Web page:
Opinion: the Government needs to start investing at a grassroots level if it really wants to help artists

In June 2017 the pilot scheme for self-employed artists on jobseeker's allowance was launched by Taoiseach Leo Varadkar. The scheme provides a social welfare payment to those who are members of the Irish Writer’s Centre or Visual Arts Ireland. In July 2019, the scheme was expanded to include other self-employed artists, including those working in the performing arts and film. 

One would assume that the idea behind this measure is to help ease the financial strains which artists like musicians come under. By undertaking this initiative of the Creative Ireland Programme, the government is presumably trying to increase the number of musicians and performing artists in Ireland.

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From RTÉ News, report on the extension of the scheme for self-employed artists on jobseeker's allowance

Here, though, is why I don't think the scheme will have any affect. It could be argued that this scheme would work if the financial aid it offered was to incentivise individuals who want to be musicians to leave their current occupation and try to become musicians. However, it does not do this and the scheme is for "self-employed artists on jobseeker’s allowance". All this scheme does is take individuals who are already receiving the jobseeker’s allowance and pay them using a different scheme.

Now this may still work if the payment was greater than the one which the individuals were already receiving. But according to the Department of Employment Affairs and Social Protection, the payment rate for this "new" scheme is the same as the jobseeker's allowance payment, which is €203 a week for a single person aged 26 years or over with no means. 

How many people who moved over to this self-employed artists scheme are genuinely only now just starting to pursue a career in the arts? I would imagine that the majority of people on this new scheme were probably already trying to become artists while on jobseeker's allowance. This scheme doesn't really encourage individuals to pursue an artistic career but just incentivises individuals who are already trying to pursue an artistic career to sign up to a different, but nearly identical social welfare payment. The government are not really increasing the number of artists in Ireland, but just changing the name of the social welfare payment that current artists are already on.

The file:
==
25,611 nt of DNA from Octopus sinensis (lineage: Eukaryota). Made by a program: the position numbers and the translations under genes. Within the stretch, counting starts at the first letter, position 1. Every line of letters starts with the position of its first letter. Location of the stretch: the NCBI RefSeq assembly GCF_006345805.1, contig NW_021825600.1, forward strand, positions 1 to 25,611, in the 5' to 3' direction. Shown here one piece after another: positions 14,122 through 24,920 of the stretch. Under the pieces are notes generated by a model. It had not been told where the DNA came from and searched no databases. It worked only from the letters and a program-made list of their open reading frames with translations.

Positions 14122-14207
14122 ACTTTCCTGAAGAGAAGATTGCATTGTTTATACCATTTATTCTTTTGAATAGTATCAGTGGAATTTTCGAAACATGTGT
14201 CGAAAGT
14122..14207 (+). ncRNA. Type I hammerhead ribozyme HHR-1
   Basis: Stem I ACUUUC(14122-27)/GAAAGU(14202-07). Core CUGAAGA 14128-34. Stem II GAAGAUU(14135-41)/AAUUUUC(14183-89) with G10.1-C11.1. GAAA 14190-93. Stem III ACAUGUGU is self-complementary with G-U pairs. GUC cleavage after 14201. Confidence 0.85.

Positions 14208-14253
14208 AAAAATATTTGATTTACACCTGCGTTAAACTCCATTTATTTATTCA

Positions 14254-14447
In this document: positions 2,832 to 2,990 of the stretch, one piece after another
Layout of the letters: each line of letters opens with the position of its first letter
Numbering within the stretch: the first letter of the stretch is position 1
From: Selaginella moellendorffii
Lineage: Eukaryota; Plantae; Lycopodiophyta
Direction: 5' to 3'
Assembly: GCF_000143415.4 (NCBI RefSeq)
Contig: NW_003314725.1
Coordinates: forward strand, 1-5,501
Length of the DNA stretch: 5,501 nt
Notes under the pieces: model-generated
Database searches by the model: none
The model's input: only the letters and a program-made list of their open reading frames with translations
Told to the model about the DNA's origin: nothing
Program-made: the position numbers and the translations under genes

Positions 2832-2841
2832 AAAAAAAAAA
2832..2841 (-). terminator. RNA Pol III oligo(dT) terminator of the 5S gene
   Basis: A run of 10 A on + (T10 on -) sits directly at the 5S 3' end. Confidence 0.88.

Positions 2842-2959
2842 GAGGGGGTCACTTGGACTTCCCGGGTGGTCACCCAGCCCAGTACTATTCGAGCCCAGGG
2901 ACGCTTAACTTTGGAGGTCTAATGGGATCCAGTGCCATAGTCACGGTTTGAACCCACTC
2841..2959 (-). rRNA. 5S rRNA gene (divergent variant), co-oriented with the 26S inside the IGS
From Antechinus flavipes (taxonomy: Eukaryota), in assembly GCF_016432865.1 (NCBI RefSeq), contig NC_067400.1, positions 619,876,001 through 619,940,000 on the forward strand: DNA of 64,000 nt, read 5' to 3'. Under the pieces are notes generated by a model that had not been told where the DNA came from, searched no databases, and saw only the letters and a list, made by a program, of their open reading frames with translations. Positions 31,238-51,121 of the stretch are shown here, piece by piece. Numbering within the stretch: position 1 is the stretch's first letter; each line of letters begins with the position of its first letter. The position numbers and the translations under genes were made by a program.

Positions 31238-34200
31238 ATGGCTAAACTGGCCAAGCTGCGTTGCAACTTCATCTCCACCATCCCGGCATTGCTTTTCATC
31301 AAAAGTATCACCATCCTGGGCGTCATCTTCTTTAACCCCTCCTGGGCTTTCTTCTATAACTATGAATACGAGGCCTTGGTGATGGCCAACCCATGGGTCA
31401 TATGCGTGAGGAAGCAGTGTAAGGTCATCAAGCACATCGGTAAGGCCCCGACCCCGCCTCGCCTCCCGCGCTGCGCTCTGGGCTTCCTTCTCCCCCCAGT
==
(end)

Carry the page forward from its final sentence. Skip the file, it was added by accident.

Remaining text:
The objective should be to increase the number of self-employed artists, not just pay for the current stock of artists

I realise that this must come across as a fairly scathing review of the role that the Government has to play in fostering culture and arts, but I think this role may be smaller than thought. There is a very healthy private sector market for performing artists, albeit a very unequal one as the vast majority of the money is earned by a very small number of artists. 

When the Government attempts to subsidise a struggling artist, they are effectively pumping money into a product which the market has already decided there isn't a lot of demand for. While everyone has to start from somewhere, it seems to me that the success of artists in the age of social media and home recording studios is now more than ever dependent on the quality of art they produce and the demand for that art. Attempting to invest in art which is already struggling to generate interest from consumers may be an inefficient use of taxpayers money - and that’s not what this scheme should be about.

The objective should be to increase the number of self-employed artists, not just pay for the current stock of artists. If the government really wants to increase the number of self-employed artists in Ireland, it would be more prudent for them to start investing in the performing arts and music at a grassroots level by providing schools and youth organisations with the capital and finances to establish a network for the performing arts in Ireland. This will help the development of young aspiring artists on their journey from amateur to professional and it will create a more developed performing arts sector for current self-employed artists as well. If you want more artists, you need to convince the people who are not already artists to become artists.

The views expressed here are those of the author and do not represent or reflect the views of RTÉ